NASA’s Kepler mission has found two Earth-sized plaents that are orbiting a “sun-like” star outside our solar system. NASA officials have named the planets Kepler-20e and Kepler-2of and note that they are too close to their star to be called “habitable zones” because of a likely lack of liquid water due to extremely hot temperatures.
According to NASA the planets are thought to be rocky with Kepler-2oe slightly smaller than Venus and .87 times the radius of earth. Kepler-20f on the other hand is 1.03 times the radius of earth.
The two planets reside in a five-planet system named Kepler-20 which is located 1,000 light-years away from Earth in the constellation Lyra.
NASA also revealed that Kepler-20e orbits its parent star every 6.1 days while Kepler-20f takes a longer 19.6 days. The short orbital periods would mean the planets are very hot with Kepler-20f likely reaching temperatures of 800 degrees Fahrenheit and Kepler-20e reaching even higher temperatures of 1,400 degrees Fahrenheit.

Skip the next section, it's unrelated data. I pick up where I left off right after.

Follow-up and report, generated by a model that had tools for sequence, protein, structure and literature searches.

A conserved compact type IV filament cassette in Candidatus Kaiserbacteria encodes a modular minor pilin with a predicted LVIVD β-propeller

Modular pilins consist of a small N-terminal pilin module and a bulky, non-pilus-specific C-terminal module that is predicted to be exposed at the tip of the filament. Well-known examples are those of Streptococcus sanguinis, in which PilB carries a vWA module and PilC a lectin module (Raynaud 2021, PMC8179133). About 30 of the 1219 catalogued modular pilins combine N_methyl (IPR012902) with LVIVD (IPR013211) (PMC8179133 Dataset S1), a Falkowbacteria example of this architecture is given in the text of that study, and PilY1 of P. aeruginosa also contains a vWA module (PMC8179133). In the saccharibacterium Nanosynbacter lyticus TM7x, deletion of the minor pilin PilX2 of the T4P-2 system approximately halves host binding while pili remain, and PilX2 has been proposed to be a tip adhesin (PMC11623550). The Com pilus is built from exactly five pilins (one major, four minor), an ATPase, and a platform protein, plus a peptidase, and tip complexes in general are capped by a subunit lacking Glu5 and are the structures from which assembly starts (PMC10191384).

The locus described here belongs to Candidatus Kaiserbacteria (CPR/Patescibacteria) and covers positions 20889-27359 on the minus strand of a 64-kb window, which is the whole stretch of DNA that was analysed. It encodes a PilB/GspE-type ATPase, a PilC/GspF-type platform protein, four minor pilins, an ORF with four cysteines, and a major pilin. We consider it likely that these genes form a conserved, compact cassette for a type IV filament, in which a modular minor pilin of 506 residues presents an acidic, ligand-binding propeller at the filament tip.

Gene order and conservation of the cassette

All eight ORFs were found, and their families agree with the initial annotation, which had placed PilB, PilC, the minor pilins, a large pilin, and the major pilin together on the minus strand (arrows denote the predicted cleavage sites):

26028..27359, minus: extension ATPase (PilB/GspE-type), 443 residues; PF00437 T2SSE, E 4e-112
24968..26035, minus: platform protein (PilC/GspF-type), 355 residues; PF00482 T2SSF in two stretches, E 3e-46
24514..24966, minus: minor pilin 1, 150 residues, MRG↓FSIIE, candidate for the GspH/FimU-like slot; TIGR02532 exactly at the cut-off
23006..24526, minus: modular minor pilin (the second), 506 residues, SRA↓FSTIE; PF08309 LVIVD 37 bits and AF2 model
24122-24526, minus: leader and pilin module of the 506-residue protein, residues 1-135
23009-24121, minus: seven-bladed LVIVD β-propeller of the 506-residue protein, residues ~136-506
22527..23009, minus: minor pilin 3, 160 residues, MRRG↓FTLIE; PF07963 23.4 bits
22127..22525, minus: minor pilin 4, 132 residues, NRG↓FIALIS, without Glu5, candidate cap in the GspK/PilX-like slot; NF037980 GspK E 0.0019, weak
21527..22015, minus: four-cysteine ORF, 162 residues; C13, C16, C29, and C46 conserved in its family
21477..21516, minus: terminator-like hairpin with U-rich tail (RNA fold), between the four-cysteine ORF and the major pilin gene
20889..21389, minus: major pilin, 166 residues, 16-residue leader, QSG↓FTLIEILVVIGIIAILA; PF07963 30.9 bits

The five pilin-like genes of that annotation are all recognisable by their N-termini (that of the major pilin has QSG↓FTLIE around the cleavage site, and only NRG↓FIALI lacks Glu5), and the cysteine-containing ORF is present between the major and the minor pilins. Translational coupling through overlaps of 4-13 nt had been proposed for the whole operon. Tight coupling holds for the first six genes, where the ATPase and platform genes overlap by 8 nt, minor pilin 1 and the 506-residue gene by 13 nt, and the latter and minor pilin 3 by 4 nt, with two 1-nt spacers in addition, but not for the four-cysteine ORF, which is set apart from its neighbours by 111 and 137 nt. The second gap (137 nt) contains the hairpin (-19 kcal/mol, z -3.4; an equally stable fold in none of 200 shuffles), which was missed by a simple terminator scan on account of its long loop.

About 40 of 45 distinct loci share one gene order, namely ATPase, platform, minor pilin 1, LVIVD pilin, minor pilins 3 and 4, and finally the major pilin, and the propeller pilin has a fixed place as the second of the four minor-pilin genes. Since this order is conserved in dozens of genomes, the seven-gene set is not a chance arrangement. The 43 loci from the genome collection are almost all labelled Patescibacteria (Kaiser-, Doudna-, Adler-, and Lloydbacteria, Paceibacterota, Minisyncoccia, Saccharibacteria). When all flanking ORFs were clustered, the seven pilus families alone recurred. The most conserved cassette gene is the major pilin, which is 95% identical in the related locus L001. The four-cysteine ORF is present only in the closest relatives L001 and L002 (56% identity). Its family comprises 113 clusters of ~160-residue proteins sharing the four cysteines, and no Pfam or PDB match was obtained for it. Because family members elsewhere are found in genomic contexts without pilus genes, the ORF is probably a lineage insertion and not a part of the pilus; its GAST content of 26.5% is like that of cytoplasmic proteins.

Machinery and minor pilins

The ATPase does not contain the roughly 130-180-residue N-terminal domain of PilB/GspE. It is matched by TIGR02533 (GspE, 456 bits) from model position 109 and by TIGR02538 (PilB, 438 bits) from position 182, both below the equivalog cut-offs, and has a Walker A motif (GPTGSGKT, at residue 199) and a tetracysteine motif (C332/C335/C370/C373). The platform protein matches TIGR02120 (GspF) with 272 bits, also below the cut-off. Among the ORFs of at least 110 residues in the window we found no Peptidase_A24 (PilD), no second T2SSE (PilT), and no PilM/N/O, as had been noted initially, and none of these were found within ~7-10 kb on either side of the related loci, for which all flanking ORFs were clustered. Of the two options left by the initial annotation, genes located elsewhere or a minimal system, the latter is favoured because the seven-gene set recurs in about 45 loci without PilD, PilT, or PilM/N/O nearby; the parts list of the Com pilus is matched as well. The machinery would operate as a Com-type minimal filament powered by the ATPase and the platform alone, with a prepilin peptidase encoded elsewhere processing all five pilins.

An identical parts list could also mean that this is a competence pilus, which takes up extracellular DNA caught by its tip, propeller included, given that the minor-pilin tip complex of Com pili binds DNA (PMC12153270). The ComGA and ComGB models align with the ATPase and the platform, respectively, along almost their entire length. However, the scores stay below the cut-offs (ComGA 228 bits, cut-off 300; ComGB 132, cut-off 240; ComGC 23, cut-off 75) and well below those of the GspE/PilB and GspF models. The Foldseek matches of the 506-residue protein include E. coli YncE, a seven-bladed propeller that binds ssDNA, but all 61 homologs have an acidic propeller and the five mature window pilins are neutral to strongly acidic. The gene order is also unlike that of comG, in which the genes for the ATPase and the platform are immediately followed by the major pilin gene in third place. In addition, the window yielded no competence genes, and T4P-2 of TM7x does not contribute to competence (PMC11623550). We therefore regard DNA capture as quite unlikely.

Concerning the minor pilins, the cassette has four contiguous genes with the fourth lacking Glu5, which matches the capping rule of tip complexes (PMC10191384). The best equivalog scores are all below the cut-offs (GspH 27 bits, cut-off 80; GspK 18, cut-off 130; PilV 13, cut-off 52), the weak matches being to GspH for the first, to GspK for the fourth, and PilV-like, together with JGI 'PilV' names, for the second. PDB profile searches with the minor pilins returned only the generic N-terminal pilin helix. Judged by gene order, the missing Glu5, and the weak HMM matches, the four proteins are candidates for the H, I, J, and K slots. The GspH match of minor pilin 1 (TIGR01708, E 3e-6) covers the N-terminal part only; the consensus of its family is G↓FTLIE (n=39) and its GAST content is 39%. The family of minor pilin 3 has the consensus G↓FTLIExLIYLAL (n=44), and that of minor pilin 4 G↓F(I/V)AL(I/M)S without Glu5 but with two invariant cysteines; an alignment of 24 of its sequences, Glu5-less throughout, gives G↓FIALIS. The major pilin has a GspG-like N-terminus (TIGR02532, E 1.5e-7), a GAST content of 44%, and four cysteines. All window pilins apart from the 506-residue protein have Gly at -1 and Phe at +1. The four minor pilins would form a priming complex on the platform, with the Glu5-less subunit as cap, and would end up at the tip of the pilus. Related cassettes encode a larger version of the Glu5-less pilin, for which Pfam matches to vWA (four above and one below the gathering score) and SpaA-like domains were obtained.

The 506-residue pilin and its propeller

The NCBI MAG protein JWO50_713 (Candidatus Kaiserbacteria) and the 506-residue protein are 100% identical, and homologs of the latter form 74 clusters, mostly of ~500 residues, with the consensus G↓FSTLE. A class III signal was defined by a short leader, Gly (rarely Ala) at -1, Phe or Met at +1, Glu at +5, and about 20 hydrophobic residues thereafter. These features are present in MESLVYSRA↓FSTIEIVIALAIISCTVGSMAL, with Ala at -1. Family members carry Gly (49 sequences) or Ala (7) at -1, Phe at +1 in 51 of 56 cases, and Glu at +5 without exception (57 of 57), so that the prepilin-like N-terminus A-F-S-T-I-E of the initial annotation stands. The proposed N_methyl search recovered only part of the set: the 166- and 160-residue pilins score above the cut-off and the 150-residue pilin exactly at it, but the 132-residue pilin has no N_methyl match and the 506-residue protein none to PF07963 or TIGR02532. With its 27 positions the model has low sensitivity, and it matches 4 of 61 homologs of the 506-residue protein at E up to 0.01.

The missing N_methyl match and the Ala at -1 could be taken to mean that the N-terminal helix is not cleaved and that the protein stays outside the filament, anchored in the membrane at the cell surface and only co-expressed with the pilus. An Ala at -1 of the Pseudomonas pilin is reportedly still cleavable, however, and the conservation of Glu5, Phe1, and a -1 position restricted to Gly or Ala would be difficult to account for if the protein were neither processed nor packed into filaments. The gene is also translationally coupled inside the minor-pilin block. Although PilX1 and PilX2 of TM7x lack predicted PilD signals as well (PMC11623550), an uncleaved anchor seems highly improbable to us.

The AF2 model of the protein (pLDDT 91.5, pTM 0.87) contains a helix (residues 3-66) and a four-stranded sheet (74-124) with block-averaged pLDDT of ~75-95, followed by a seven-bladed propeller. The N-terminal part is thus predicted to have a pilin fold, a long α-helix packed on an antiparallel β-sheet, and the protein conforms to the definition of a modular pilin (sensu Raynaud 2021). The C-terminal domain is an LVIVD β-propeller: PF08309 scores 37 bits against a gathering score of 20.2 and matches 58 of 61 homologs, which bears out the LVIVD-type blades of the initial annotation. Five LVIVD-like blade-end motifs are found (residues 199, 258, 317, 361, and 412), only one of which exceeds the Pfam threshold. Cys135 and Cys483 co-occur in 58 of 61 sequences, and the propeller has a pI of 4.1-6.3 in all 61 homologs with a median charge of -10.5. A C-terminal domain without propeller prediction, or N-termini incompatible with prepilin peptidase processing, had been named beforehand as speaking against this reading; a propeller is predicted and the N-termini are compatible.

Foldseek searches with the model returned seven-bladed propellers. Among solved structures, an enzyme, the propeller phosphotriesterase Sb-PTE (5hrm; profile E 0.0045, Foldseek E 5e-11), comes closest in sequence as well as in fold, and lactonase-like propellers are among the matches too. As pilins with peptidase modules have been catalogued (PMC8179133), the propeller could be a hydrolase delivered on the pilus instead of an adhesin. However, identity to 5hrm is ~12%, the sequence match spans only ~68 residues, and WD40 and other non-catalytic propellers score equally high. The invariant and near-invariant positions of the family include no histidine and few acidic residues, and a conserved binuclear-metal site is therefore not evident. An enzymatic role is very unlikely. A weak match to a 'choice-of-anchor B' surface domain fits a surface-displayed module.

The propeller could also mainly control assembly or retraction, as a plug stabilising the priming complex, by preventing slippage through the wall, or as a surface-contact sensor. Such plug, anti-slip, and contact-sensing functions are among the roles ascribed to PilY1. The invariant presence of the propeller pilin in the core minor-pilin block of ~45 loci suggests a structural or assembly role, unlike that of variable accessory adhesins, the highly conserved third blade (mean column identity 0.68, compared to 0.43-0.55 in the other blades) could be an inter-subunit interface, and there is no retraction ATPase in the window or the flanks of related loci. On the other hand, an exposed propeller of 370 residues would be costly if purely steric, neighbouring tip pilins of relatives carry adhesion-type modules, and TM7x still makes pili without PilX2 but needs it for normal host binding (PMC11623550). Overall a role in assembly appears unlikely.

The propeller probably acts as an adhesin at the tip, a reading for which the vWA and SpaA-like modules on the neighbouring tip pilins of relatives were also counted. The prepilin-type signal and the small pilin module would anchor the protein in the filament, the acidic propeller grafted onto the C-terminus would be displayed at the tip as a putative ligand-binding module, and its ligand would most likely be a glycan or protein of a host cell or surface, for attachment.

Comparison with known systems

The other three planets (Kepler-20b, Kepler-20c and Kepler-20d) are larger than earth but smaller then Neptune and orbit around their star every 3.7, 10.9 and 77.6 days.
According to NASA official Michele Johnson:
The system has an unexpected arrangement. In our solar system, small, rocky worlds orbit close to the sun and large, gaseous worlds orbit farther out. In comparison, the planets of Kepler-20 are organized in alternating size: large, small, large, small and large.
NASA officials announced the discovery of Kepler-22b on Dec. 5, a planet located in what they believe is the habitable zone of its parent star, that planet is believed to be too large to have a rocky surface.